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The incorporation of Greek folk melodies in the piano works of Yannis Constantinidis: with special consideration of the 22 songs and dances from the Dodecanese

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Yannis Constantinidis was the last of the handful of composers referred to collectively as the Greek National School. The members of this group strove to create a distinctive national style for Greece, founded upon a synthesis of Western compositional idioms

Yannis Constantinidis was the last of the handful of composers referred to collectively as the Greek National School. The members of this group strove to create a distinctive national style for Greece, founded upon a synthesis of Western compositional idioms with melodic, rhyhmic, and modal features of their local folk traditions. Constantinidis particularly looked to the folk melodies of his native Asia Minor and the nearby Dodecanese Islands. His musical output includes operettas, musical comedies, orchestral works, chamber and vocal music, and much piano music, all of which draws upon folk repertories for thematic material. The present essay examines how he incorporates this thematic material in his piano compositions, written between 1943 and 1971, with a special focus on the 22 Songs and Dances from the Dodecanese. In general, Constantinidis's pianistic style is expressed through miniature pieces in which the folk tunes are presented mostly intact, but embedded in accompaniment based in early twentieth-century modal harmony. Following the dictates of the founding members of the Greek National School, Manolis Kalomiris and Georgios Lambelet, the modal basis of his harmonic vocabulary is firmly rooted in the characteristics of the most common modes of Greek folk music. A close study of his 22 Songs and Dances from the Dodecanese not only offers a valuable insight into his harmonic imagination, but also demonstrates how he subtly adapts his source melodies. This work also reveals his care in creating a musical expression of the words of the original folk songs, even in purely instrumental compositon.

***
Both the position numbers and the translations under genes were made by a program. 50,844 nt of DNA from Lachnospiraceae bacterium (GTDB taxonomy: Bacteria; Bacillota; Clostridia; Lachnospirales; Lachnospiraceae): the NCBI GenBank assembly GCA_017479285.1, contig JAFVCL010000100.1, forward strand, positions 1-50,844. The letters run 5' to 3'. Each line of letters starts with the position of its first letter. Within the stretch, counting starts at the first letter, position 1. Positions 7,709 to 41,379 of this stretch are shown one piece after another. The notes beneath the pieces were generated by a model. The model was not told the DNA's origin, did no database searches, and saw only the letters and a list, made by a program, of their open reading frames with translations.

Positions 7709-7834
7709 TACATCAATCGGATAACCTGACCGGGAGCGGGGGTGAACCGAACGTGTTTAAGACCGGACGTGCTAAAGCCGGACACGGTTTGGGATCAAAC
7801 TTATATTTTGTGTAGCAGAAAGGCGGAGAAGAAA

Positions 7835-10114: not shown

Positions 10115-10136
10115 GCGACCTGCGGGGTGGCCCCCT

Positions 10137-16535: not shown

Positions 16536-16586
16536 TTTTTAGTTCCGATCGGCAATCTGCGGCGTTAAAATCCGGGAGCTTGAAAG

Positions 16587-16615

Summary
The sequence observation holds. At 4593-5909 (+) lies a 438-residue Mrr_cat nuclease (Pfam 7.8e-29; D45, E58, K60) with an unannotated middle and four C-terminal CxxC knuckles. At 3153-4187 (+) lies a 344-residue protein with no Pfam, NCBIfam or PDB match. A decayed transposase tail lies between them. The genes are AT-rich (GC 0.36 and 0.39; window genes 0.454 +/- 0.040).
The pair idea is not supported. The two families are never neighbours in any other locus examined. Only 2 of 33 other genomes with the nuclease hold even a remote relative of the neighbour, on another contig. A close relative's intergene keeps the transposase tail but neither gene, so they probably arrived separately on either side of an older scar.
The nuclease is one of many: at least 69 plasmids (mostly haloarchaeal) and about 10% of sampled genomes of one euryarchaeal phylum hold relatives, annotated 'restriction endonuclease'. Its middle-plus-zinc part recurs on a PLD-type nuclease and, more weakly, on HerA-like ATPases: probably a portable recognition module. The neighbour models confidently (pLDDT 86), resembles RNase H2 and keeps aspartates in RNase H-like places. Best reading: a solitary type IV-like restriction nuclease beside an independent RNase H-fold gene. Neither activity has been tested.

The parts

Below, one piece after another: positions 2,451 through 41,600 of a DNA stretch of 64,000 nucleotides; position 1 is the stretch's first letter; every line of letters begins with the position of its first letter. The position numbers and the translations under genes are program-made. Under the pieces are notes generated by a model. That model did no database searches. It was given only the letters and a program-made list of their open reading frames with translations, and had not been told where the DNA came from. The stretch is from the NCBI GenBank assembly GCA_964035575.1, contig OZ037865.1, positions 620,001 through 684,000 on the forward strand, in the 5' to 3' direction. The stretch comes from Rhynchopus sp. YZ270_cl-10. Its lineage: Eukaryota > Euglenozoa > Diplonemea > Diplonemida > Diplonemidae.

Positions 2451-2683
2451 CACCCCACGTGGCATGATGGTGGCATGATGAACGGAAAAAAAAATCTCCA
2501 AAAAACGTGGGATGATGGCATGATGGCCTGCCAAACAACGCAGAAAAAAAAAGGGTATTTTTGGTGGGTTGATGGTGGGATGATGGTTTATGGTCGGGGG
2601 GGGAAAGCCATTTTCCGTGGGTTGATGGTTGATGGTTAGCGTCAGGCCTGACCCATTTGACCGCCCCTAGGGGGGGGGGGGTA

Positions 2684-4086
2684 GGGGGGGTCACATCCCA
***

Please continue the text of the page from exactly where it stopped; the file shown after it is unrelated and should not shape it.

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2011